According to the United States Department of Justice, computer crimes include "any violations of criminal law that involve a knowledge of computer technology for their perpetration, investigation, or prosecution." Because of the sheer number of offences that come under the umbrella of computer crime, it's an area that still remains difficult to define. The diversity of the activities that come under this banner and the ever-expanding new technologies that change the way computer criminals operate make it impossible to narrow down further. Computer crimes include everything from sending a virus in a spam email to organized large scale hacking, known as "cyber warfare" on a company or even a government — a well-known example of this is when Russia hacked and modified official Estonian government websites in retaliation for the Baltic republic moving a Russian war monument in 2007.
"Cyber-crime," as it is also known, has risen enormously on a global scale in recent years. This is for two reasons. The first is the ever-increasing number of businesses relying on computers to trade and the second is the increase in people mastering the technology to commit the crimes. With "e-commerce" becoming commonplace for businesses of all shapes and sizes, today any company is at risk – not just traditional targets like communication companies, credit agencies and stockbrokers.
Computer crime is estimated to cost the United States—and the global economy— billions of dollars a year, although again this is hard to calculate for a number of factors, from the difficulty in defining and detecting the crime, to victims being reluctant to come forward for fear of damaging their own business or reputation like credit card companies, for example. As a result successful prosecutions can be very hard to obtain. A notable exception was the Hao brothers, who were sentenced to death in China in 1999 for hacking into the computer system of a state-owned bank and transferring money into their own accounts.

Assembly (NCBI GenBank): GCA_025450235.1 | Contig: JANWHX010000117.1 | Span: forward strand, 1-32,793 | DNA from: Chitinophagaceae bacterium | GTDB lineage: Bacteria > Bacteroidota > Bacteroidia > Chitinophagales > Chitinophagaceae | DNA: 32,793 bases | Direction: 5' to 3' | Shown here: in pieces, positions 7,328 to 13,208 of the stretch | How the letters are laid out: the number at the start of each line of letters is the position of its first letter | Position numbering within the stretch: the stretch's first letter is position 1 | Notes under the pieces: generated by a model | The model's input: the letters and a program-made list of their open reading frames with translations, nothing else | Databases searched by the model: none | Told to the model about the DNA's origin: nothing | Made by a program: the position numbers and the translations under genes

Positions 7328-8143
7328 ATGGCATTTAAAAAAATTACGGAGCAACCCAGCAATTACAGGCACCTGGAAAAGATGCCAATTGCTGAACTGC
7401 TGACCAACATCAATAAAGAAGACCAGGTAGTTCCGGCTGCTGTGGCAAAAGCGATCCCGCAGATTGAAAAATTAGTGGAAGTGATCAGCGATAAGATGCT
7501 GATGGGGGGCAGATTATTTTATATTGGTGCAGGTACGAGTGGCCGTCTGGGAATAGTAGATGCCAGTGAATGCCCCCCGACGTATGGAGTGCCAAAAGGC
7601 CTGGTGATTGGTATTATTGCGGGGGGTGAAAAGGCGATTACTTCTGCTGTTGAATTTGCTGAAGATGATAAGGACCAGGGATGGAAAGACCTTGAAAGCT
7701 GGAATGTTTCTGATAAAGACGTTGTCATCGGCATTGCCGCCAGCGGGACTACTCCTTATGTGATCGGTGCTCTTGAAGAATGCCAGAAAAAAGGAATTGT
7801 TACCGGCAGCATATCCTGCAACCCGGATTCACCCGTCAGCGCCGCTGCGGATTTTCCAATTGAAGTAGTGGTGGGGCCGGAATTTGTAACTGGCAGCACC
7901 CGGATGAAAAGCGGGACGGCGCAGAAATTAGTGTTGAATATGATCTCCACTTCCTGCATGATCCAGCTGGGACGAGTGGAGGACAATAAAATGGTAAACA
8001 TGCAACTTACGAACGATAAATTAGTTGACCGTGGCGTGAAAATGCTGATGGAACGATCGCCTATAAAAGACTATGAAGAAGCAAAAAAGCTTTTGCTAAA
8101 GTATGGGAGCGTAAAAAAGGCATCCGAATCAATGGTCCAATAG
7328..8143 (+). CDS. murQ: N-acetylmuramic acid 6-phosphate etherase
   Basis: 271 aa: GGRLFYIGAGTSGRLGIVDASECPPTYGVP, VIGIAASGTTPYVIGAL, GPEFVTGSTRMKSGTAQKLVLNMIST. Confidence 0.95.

Prosecuting computer crime can be tackled at state, federal or an international level depending on the offence. There are three recognized categories of computer crime in the United States: The computer as the object of the crime – generally theft; as the subject of the crime, ie a recipient of a virus or hacking; or the use of the computer as an instrument with which to commit traditional crimes like fraud, identity theft or the circulation of obscene or illegal materials. Therefore there can be no such thing as a ‘typical' cyber-criminal. They can be anyone from people illegally downloading film or music, self-taught hackers operating from bedrooms or disgruntled employees wanting to disrupt their workplace network, to more sophisticated fraudsters, pedophile rings, and those undertaking international espionage and cyber terrorism.
In their paper Countering the Cyber Crime Threat (2006), Debra Wong Yang and Brian M. Hoffstadt explain: "Cyber criminals have already proven themselves to be resourceful and innovative as they have continued to invent and perpetrate new and ever-evolving forms of attacks aimed at computers and the data they contain." When a cyber-crime investigations unit was set up in Kentucky in 2008, police claimed as many as 80 percent of the state's crimes were committed using a computer.
In 2010, figures showed computer crime in Wales had more than doubled in one year. It became the first country in Europe to appoint "e-crime officers" in its police forces, who said: "E-criminals are highly resourceful, and as they're not bound by the same laws and regulations they're forever one step ahead of the game, finding new ways to attack and compromise businesses." It is also a problem in the developing world, with Sri Lanka reporting a 94% year on year increase in cyber-crime in 2010.
But some argue that talk of "cyber terrorists" and technological masterminds continually thwarting the authorities could be disingenuous. Some criminologists and academics have gone so far as to even attempt to deny the existence of computer crime, claiming excitable media coverage can lead to "moral panic," and that really, computer crime and computer criminals can be defined by and be subject to already existing laws without the exotic "cyber" prefix. David S Wall, in his 2001 book Crime and the Internet used the international panic that surrounded the Y2K Millennium Bug—meant to derail every computer in the world as the year 2000 came in— as an example of the press playing on the public's fears.